Home Reviews Peripherals Benq 27” GW2760HS monitor – Flicker free

Benq 27” GW2760HS monitor – Flicker free

Benq’s claim to fame on this model is that it is flicker free – although I can’t remember in recent years the last time I could actually perceive monitor flicker.

Apparently if you take a photo of a monitor (have you ever seen a TV set on TV – it has flicker lines) you will see the visible flickering. I did take a still and video shot using a 13MP Nokia 920 and the Benq has a rock solid image. So yes flicker free – it is certainly a little easier on the eyes than my dual Dell 22” (Samsung pedigree). It uses something called White-LED backlighting instead of the more common Pulse Width modulation (PWM) and a 13% haze semi-gloss screen surface.

This GW2760HS is a big one alright – 27” of full HD 1920 x 1080, 16:9, 4ms GTG, VA Led housed in a very slim 11.5mm bezel. The slim bezel is great for dual monitor displays although we are talking some serous desk space real estate to house two of these (monitor is 623mm wide, 472mm high including the base).

Inputs include HDMI, DVI and VGA so it covers game consoles, DVD/Blue Ray and PC and notebooks.

Viewing angle is 178 degrees (good), contrast is 3000:1 (very good) and brightness is 300 cd.m2 (good). It has 8 bit processing which is superior to the usual 6 bit on many monitors. Blacks were very good.

Of late there has been a lot of talk about pixels per inch or ppi as an all-important measurement. Some 1920x1080 tablets have ppi ratings of around 200 to over 400 (Apple iPad Retina is 300 ppi) – these small screens can use smaller pixels so the higher the ppi the better it should be.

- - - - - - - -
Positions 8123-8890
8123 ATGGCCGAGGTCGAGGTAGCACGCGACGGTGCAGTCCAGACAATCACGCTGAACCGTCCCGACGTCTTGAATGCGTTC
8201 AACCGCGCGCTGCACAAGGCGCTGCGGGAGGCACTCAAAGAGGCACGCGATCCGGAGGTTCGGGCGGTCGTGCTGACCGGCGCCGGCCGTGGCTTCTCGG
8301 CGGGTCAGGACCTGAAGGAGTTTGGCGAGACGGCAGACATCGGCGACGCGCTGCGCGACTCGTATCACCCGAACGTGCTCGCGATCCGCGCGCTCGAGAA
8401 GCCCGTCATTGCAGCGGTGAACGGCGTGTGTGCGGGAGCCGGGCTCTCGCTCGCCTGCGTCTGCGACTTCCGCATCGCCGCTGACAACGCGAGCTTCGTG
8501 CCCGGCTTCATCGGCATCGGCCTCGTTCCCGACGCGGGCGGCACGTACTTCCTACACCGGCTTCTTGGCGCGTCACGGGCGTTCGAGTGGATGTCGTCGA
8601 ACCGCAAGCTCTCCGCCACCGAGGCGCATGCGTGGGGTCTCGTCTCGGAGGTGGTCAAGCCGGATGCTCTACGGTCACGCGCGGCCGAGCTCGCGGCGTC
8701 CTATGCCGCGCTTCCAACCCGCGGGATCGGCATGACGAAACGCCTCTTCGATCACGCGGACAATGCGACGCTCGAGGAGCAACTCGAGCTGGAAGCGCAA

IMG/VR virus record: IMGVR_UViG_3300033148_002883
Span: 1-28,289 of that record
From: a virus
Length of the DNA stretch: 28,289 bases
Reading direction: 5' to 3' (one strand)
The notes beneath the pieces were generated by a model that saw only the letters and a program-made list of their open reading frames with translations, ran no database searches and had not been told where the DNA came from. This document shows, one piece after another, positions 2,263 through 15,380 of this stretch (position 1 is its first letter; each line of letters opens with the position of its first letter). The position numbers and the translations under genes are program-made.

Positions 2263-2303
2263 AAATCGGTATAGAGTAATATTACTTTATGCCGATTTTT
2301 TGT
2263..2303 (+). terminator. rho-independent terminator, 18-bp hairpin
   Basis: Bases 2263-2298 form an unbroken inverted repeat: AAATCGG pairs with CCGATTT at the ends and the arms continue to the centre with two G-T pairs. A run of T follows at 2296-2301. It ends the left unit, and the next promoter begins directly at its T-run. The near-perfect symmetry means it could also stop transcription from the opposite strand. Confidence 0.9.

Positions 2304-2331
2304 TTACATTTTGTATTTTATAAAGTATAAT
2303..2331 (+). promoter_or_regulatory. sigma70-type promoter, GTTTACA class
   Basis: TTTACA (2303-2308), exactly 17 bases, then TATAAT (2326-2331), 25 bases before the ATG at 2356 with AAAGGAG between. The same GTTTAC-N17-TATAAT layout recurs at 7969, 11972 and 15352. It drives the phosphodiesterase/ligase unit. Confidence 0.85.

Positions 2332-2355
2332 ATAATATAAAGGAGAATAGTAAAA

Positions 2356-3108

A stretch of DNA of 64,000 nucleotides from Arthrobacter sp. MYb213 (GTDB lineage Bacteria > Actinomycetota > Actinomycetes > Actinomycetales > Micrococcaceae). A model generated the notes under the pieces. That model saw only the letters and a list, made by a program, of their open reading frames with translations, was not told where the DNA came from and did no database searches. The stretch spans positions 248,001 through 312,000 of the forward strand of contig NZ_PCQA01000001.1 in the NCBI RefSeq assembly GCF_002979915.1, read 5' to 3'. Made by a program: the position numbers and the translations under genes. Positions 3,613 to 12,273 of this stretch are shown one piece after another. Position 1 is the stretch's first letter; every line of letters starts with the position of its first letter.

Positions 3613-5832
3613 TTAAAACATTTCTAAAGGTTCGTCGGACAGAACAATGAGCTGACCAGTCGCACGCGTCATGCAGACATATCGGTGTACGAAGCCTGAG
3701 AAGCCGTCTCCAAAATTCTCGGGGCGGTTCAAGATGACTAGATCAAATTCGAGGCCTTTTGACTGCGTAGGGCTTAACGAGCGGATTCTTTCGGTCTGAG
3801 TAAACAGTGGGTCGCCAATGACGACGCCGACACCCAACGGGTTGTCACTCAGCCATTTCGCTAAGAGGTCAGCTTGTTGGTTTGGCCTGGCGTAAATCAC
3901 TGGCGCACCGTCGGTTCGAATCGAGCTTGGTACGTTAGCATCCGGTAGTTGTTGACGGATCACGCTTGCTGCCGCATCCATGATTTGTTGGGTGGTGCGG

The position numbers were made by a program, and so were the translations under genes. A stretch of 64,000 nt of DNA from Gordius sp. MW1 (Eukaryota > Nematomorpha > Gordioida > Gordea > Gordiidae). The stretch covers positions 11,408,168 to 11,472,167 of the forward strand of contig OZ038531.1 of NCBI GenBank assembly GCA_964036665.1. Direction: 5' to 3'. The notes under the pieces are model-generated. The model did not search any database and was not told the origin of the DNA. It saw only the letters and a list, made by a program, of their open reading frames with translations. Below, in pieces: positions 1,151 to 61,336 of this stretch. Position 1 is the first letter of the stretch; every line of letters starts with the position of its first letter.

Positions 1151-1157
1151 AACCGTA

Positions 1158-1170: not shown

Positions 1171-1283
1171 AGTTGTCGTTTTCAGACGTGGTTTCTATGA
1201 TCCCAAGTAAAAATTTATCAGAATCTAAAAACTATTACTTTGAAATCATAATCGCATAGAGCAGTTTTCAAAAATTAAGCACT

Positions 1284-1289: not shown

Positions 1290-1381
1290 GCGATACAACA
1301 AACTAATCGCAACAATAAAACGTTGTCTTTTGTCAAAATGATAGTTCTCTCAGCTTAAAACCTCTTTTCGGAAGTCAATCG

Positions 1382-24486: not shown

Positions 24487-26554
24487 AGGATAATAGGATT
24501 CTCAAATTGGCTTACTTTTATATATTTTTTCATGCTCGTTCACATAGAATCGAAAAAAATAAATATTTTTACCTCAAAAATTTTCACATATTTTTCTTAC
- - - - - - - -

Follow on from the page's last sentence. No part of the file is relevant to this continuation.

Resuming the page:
But the larger screen tend to all use the same .3133mm dot pitch (or pixel pitch) as this model does. Using a DPP/PPI calculator this screen is around 80 ppi. By comparison a 22/24” would have 90/100ppi so don’t let the bean counters tell you this is a significant measurement for larger monitors. The DPP or Pixel pitch is a better indication.

The internal speakers (2 x 1W) are for ‘emergency use’ only – yes they will faithfully reproduce a Windows system sound but are not designed for much more despite being driven by the HDMI and a AV input.

Benq have been working hard on energy saving so 27W is not bad and it sips .3W in sleep more.

Benq tend to be sold by smaller computer retailers, system builders and on-line so at RRP $299 (on-line shoppers need to take freight into account) it is a great price for so much screen but I think it is more suited to office than gaming use.

Benqs warranty for the GW series is 3 years, on-site courier pickup and return – excellent.


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Ray Shaw

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Ray Shaw ray@im.com.au  has a passion for IT ever since building his first computer in 1980. He is a qualified journalist, hosted a consumer IT based radio program on ABC radio for 10 years, has developed world leading software for the events industry and is smart enough to no longer own a retail computer store!